Grant and Contract Budgets

Tuesday, April 16, 2019, 3:00 - 4:00 pm, Rod Library 287

Creating a budget can be one of the most daunting aspects of developing a grant proposal, but is critical to obtaining and successfully managing funding for sponsored projects. Rebecca Rinehart, Pre-award Specialist, and Michele Mullings-Shand, Associate Grants and Contracts Administrator, will provide an overview of the conceptual and technical components of good budgets.

Summer Grant-Writing Workshop

Thursdays from May 16th - June 20th, 1:00 - 3:00, Rod Library 287

Contact for information. 



Is It Ethical to be a Millionaire?

Monday, April 1, 2019, 4:00 pm. UFG Conference Room, Curris Business Building
This presentation by David Surdam, UNI Professor of Economics, will revolve around the work of Thomas Stanley and William Danko's Millionaire Next Door book, and will make the point that most millionaires lead anonymous lives. 


IRB Training for Undergraduates

Tuesday, September 25, 2018, 2:00-4:00 pm, Rod Library Room 287
This session will cover the ethical principles and regulations regarding research involving humans, including the UNI Institutional Review Board (IRB) review process and procedures.  Undergraduates are especially invited but all are welcome.  Sponsored by Office of Research & Sponsored Programs and the UNI Honors Program.  Registration Required.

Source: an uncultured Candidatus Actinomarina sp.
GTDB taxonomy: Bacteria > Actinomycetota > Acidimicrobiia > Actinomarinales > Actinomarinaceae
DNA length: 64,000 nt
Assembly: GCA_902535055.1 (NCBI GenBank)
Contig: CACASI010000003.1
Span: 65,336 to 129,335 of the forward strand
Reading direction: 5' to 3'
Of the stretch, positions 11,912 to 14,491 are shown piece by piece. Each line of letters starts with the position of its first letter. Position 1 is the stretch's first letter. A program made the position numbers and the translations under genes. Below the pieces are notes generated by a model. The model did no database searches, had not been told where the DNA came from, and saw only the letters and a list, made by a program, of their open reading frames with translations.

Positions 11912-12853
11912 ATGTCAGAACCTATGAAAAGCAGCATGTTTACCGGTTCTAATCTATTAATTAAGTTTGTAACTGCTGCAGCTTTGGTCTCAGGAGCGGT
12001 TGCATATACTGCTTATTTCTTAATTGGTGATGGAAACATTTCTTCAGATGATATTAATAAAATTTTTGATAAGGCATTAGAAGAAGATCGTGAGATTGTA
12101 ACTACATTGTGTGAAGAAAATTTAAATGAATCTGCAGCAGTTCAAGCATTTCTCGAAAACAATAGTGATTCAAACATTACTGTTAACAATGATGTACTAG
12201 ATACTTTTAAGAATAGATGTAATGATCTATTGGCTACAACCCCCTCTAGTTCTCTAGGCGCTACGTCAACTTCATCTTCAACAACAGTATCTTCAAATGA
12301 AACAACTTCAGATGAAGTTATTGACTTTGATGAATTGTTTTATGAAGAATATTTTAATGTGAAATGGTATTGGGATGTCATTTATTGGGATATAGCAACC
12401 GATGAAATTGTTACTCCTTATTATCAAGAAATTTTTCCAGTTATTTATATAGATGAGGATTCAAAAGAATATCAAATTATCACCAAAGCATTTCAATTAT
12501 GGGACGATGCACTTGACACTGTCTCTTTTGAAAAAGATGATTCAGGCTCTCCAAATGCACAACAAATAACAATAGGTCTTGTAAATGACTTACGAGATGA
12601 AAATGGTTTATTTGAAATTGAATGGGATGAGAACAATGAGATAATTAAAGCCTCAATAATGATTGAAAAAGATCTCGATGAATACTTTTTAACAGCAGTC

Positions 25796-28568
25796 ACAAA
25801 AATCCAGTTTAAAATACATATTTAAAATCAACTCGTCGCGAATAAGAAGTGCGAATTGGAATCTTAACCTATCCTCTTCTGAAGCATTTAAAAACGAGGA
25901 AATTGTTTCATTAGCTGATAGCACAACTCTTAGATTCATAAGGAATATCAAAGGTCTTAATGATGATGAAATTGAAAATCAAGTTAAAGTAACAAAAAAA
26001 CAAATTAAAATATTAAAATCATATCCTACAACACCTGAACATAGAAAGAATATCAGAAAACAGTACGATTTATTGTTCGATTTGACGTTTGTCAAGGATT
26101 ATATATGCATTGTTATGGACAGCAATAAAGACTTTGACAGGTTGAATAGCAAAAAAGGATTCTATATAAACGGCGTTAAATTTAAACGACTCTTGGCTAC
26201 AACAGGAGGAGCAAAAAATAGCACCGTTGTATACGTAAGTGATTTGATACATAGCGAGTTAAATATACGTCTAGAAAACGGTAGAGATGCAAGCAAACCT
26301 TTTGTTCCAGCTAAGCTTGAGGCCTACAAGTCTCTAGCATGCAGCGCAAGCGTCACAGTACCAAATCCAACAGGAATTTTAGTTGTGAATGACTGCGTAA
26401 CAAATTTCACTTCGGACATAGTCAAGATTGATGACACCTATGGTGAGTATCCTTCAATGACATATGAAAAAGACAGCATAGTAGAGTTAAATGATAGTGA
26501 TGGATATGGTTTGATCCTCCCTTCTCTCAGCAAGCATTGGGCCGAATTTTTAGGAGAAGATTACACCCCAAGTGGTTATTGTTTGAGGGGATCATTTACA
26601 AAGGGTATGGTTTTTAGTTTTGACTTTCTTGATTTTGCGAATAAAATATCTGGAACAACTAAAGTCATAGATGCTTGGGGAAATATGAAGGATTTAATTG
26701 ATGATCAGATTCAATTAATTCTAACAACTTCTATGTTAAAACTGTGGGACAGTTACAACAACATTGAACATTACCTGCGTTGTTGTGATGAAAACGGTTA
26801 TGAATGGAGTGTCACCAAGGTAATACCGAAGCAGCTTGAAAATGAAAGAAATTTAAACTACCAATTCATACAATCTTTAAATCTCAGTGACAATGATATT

IRB Training for Graduate Students

Wednesday, October 3, 2018, 2:00-4:00 pm, ScholarSpace (Rod Library 301)
This session will cover the ethical principles and regulations regarding research involving humans, including the UNI Institutional Review Board (IRB) review process and procedures.  Graduate students are especially invited but all are welcome.  Sponsored by Office of Research & Sponsored Programs and the UNI Graduate College.  Registration Required.

Best Practices in Undergraduate Research

Tuesday, October 2, 2018, 3:15 pm, Rod Library Room 378